Marks and Mann House Prices.
House prices are rising faster in the East of England than anywhere else in the UK
New figures released by the Office of National Statistics (ONS) show that average house prices for the year up to July 2015 have risen faster in the East of England than anywhere else in the country.
While the overall rise in the UK was 5.2% in our region it was up by 8.3%.
There is considerable variation between the counties with average prices in Cambridgeshire hitting £257,671 and in Essex £278,660, while the Suffolk average was £229,360 and Norfolk’s was £207,101, according to the online property website Rightmove.
The county averages tell only part of the story, however. Rightmove breaks the data down further into averages for house types.
For Suffolk detached properties on average sold for £318,422. Terraced properties had an average sold price of £174,095 and semi-detached properties averaged £200,089.
The figures tell only part of the story, however. There is considerable price variation between different Suffolk towns and villages and equally between more or less desirable areas in a town like Ipswich, for example.
But why should prices be rising faster here than elsewhere?
A number of factors are likely to have played a part.
One of the country’s lowest crime rates coupled with a number of excellent public and state schools and a slower pace of life make it an attractive place to raise a family.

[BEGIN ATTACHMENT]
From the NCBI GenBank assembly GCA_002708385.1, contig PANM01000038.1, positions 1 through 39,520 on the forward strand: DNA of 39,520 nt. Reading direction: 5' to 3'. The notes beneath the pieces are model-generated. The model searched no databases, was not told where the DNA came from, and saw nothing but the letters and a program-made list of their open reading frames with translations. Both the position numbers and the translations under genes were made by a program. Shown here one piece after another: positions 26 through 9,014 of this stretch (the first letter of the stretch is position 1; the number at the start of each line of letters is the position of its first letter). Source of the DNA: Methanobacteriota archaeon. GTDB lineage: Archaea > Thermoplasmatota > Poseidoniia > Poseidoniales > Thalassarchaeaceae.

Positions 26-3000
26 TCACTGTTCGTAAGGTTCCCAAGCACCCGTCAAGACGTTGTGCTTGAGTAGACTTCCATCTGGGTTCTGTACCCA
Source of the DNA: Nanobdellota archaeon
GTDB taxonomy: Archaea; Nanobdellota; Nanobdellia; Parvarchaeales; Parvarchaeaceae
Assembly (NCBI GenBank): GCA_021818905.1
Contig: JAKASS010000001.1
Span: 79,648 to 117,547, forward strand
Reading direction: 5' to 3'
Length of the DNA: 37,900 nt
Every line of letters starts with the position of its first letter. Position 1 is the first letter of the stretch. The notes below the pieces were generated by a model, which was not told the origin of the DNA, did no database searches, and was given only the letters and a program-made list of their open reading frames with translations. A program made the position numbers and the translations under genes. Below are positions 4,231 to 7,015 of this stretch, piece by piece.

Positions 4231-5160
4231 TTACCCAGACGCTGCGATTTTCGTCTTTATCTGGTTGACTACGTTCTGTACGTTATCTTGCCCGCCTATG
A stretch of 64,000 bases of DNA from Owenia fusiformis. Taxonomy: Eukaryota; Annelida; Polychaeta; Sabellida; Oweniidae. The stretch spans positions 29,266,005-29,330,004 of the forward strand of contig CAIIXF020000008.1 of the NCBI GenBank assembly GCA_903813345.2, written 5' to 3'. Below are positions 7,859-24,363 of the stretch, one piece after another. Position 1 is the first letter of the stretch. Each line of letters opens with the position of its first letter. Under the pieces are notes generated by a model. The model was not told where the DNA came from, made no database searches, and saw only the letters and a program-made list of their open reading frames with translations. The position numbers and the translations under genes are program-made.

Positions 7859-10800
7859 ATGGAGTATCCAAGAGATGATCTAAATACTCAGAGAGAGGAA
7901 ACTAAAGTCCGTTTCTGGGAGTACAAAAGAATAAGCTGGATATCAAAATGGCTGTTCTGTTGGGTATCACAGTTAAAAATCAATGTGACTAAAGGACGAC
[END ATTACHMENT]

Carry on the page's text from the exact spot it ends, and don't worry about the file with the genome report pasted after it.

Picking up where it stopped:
Then also, Suffolk has much to recommend it as a desirable place to live for all income groups. There is a wide range of housing types and sizes available from the ancient and Listed in Suffolk’s historic towns and villages to the modern developments available around towns like Ipswich, Stowmarket.
The county has always been a magnet for artists, particularly for its wide-open coastal skies and light and for the possibility of finding somewhere peaceful for creative types seeking solitude.
The variety and beauty of the natural environment plays a part too. The Heritage coastal area from Felixstowe in the South to Lowestoft in the North encompasses ancient towns like Aldeburgh, Woodbridge, and Southwold but also RSPB nature reserves at Dunwich and Minsmere.
Inland and towards the west of the county the landscape changes dramatically with fertile river valleys alongside the River Gipping, through Ipswich, the River Stour and the Deben Vale that inspired the artist Constable in the South and the River Brett, which provided the flowing water needed for the wool trade that brought wealth to market towns like Hadleigh and to smaller towns like Lavenham and Kersey.
Finally, as London property prices and availability become well beyond the reach of most ordinary families the likelihood is that people will look further afield for a place to live that is still within reach of the capital not only for work but also for entertainment and shopping.
Suffolk is ideally-placed with good road and rail links to the city, only just over an hour away by train and within reach of Stansted Airport and the ferry terminal at Harwich.
Taking all this into account it is perhaps no surprise, therefore, that property prices have risen so much more here than anywhere else.